Local theater holds Christmas production

Taylor Inman/The News Children rehearse for Playhouse in the Park’s upcoming holiday production.
Taylor Inman/The News Children rehearse for Playhouse in the Park’s upcoming holiday production.

Taylor Inman/The News
Children rehearse for Playhouse in the Park’s upcoming holiday production.

Out of all of the Christmas activities people will do this season, going to see Playhouse in the Park’s Christmas productions is at the top of a lot of lists.

Playhouse in the Park is a Murray community theater, and has been one of the longest continually running community theaters in the United States since 1977. 

It hosts a youth theater group, classes for the community and have a summer camp for theater.

  Starting this weekend, Playhouse in the Park is bringing a couple of favorite Christmas tales to the stage including “Junie B. Jones: Jingle Bells Batman Smells” and “A Charlie Brown Christmas.”

Both productions will run for two weekends starting today and Saturday at 7 p.m. and Sunday at 2:30 p.m. 

“A Charlie Brown Christmas” will feature a cast of all teenagers. This famous Christmas classic just had the copyrights released, so many will be eager to see the stage production.

The “Junie B. Jones” play is cast only with children. Everyone is 12 years old or younger, even in the adult roles. With their performance in “Junie B. Jones: Jingle Bells Batman Smells,” these little actors will make even the biggest Scrooge in the audience giggle.

  Junie B. Jones is a “feisty 6-year-old with an endearing penchant for honesty,” according to a review of the book series by USA Today.

Her books have been read by 55 million children worldwide, making her a familiar face on the New York Times bestseller list.

In this stage adaptation of her Christmas play, Junie B. Jones finds herself in a predicament when she can’t seem to get along with her classmate, but ends up drawing her name at their secret Santa party.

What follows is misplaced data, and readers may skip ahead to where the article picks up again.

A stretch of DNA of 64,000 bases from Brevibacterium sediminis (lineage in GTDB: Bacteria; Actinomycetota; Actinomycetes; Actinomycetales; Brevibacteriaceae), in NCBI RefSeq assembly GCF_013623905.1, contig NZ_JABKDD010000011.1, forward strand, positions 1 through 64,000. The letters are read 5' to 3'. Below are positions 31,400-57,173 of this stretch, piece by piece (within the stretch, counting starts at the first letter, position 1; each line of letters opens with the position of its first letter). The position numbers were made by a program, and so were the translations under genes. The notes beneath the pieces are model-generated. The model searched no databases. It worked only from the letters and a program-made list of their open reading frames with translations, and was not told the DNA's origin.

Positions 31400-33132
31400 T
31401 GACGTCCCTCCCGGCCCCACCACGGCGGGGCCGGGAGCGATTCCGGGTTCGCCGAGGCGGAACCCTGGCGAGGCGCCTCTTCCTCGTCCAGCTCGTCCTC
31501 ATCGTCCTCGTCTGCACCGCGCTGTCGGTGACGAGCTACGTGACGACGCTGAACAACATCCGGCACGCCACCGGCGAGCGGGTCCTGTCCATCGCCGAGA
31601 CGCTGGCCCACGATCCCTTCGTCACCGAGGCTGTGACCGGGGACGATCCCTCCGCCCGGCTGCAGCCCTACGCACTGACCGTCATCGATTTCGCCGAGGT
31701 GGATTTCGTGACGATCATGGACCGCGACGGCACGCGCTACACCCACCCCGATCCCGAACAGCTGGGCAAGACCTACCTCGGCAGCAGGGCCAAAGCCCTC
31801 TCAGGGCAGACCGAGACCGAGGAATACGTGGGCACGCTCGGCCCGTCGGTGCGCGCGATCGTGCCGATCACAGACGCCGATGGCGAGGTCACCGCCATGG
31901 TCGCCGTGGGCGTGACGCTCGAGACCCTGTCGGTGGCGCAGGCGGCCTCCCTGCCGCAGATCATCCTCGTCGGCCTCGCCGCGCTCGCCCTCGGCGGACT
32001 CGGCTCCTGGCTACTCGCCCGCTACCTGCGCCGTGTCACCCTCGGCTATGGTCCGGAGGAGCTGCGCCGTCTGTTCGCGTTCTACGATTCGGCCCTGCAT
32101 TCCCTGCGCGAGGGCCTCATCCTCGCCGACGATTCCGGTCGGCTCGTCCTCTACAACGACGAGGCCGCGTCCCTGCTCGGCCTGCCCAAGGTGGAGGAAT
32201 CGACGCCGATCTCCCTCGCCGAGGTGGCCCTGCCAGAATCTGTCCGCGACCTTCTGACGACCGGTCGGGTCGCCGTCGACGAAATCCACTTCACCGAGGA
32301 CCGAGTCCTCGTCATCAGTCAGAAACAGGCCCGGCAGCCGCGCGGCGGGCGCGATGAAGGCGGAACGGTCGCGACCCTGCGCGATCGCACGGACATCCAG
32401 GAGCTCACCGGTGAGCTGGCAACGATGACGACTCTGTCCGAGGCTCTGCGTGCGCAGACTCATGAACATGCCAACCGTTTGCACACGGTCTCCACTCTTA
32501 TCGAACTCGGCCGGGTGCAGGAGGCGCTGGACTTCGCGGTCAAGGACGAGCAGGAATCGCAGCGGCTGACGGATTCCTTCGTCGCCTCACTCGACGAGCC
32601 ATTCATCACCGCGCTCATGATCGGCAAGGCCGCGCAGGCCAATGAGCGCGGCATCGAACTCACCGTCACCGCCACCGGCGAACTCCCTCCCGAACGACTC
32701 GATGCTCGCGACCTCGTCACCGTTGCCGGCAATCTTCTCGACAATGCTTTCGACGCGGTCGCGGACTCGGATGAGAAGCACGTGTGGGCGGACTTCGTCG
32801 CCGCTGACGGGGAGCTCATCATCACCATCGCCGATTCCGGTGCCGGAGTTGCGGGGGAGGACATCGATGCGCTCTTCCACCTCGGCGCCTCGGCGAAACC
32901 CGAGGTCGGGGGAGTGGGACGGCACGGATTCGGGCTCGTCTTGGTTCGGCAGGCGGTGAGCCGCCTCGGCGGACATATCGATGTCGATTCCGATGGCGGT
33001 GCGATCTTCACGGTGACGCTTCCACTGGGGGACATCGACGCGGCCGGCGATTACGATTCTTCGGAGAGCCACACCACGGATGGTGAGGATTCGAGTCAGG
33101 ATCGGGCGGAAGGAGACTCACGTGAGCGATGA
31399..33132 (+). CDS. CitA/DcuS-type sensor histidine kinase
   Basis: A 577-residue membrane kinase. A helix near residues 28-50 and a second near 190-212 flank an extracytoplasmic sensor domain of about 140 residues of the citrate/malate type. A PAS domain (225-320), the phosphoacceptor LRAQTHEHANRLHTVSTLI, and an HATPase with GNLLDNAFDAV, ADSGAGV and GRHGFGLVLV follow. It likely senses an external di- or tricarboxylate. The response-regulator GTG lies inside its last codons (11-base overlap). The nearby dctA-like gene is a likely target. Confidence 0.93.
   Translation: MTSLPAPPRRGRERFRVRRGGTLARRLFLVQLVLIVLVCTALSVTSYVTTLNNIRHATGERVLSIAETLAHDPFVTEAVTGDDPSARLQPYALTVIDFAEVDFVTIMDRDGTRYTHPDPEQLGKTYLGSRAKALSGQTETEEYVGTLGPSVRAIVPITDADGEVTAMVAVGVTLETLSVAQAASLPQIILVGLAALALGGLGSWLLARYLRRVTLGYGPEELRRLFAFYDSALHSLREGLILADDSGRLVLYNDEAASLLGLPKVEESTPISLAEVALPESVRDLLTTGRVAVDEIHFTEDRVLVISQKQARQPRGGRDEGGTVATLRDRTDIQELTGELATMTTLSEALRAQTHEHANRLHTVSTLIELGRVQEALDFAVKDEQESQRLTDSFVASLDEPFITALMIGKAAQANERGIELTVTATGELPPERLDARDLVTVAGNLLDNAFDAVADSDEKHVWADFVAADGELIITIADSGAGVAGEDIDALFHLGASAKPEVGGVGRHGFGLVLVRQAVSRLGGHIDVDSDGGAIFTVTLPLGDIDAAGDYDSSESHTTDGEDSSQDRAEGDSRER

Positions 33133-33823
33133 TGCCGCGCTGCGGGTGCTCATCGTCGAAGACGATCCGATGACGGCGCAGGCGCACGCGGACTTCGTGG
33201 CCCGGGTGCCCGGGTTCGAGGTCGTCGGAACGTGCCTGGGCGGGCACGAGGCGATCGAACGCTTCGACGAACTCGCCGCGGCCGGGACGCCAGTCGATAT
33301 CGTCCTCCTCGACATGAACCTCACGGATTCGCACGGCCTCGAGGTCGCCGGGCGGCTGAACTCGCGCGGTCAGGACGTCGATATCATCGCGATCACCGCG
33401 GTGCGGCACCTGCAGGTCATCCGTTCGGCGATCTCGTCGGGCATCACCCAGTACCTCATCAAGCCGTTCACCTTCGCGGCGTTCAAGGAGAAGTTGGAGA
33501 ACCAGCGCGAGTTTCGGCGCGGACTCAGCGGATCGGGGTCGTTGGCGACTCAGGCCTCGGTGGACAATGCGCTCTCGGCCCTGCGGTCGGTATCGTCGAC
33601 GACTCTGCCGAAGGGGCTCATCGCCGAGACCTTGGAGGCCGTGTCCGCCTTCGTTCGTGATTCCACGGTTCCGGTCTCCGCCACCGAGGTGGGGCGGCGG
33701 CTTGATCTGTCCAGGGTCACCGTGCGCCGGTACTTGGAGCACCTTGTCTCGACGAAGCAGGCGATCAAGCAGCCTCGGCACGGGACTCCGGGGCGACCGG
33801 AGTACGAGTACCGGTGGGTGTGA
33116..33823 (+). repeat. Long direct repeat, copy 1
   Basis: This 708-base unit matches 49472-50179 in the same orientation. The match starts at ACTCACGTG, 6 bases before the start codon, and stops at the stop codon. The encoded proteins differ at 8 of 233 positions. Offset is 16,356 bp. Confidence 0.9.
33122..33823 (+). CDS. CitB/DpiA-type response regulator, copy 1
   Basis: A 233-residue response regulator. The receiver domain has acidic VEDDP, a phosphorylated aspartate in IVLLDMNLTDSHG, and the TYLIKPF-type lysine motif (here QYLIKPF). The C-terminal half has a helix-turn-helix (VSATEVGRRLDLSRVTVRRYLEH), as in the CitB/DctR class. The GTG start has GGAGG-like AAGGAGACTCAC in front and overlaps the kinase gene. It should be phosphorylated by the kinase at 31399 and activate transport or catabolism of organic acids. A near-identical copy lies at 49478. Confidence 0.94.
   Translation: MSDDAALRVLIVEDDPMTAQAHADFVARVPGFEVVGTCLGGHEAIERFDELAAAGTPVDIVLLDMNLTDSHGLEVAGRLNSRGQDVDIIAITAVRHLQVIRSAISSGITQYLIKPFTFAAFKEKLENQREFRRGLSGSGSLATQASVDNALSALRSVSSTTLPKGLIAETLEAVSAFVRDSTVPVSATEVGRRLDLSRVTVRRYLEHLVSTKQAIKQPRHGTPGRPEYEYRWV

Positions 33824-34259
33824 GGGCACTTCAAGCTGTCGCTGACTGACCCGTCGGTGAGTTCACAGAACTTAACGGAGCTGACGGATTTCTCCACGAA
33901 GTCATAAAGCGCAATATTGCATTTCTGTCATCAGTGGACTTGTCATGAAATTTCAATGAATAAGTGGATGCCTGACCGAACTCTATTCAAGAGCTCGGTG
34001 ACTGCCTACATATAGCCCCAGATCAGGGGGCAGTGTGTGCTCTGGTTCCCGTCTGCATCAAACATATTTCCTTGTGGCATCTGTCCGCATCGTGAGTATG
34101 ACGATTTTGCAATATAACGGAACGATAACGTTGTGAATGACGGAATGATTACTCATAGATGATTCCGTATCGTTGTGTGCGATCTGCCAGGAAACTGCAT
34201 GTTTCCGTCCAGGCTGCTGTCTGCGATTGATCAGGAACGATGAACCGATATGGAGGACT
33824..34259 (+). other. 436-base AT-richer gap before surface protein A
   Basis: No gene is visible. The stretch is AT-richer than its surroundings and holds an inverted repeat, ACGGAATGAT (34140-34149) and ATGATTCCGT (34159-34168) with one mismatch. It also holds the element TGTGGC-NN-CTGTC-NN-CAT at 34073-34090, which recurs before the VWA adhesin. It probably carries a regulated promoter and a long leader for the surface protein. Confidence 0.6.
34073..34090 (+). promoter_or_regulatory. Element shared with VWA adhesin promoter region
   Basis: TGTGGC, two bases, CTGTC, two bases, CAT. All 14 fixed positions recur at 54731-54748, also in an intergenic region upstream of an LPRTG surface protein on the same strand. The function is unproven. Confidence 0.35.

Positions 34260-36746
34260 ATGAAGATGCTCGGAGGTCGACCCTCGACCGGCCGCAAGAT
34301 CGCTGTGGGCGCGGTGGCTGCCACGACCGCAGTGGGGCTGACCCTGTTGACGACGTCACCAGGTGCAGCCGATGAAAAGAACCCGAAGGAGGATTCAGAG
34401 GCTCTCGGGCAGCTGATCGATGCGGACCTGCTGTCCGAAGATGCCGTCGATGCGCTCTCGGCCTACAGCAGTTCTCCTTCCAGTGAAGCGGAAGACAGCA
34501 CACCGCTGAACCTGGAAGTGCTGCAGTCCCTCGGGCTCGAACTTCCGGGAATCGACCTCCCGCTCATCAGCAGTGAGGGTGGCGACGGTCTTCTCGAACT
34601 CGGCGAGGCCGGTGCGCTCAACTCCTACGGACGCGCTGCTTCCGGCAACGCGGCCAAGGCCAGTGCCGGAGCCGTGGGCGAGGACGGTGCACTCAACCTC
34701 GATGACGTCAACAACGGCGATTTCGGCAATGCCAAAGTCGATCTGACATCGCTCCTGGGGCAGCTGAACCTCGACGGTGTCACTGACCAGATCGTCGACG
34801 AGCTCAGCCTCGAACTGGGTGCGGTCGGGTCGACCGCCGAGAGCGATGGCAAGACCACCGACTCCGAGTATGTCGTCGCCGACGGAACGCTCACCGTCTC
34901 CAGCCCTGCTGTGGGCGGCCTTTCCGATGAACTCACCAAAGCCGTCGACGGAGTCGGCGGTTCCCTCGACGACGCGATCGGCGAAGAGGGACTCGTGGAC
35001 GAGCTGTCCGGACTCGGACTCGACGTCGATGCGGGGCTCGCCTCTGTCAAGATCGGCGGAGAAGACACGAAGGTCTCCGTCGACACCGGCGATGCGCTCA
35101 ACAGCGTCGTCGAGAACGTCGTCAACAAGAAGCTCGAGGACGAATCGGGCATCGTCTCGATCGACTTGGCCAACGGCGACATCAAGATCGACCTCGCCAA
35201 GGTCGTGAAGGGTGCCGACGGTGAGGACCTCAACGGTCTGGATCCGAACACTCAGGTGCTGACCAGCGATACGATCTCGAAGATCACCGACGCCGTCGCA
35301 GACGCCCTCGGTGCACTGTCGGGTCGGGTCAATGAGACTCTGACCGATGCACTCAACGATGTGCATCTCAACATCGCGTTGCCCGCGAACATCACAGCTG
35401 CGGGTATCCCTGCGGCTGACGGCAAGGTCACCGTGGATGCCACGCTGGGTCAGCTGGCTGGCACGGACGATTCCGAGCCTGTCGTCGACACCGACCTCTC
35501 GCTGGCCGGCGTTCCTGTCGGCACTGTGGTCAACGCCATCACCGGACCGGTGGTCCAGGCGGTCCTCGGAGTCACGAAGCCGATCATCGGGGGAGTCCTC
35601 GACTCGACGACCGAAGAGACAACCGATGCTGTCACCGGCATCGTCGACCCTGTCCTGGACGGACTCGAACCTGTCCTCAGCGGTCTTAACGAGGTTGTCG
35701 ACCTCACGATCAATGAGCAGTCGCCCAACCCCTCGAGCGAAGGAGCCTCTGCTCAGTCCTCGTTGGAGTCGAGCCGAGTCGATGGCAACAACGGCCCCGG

Lisa Cope, executive director of Playhouse in the Park, said there was an overwhelming number of children that wanted parts in this production.

“We had 50 children audition for only 11 roles, so we ended up having three different casts for the play,” Cope said.

According to the American Alliance for Theater and Education, drama can improve skills and academic performance in children and youth with learning disabilities, it helps improve attendance and lower dropout rates.

“It helps kids with public speaking,” Cope said.  “It makes them figure out how to work as a team. They learn discipline – things like how to be on time. Being in theater will give you skills you will carry with you all your life, even if these kids don’t want to grow up to be actors.”

Second grader Jacee McKeel and fifth grader Skylar Swalls, actors in the Junie B. Jones production, do want to be actors when they grow up.

Both girls have done many plays at the Playhouse in the Park. They have made a lot of friends working in the theater.

“I was scared at first, but then I just got to meet a bunch of people,” McKeel said. “And now I’m very close friends with them which I’m very happy about.”

Both girls have a strong love for acting, even at such a young age.

“What I like most about acting is whether you have a large role or a small backstage job, it really doesn’t matter,” Swalls said. “Just as long as you’re there with people you look up to and people you can learn from.”

When asked about their plans for the future, McKeel was very excited about planning to attend Murray State.

Swalls, on the other hand, has another college lined up.

“I don’t want to offend anybody here, but I’m going to Julliard,” she said.

Story by Taylor InmanStaff writer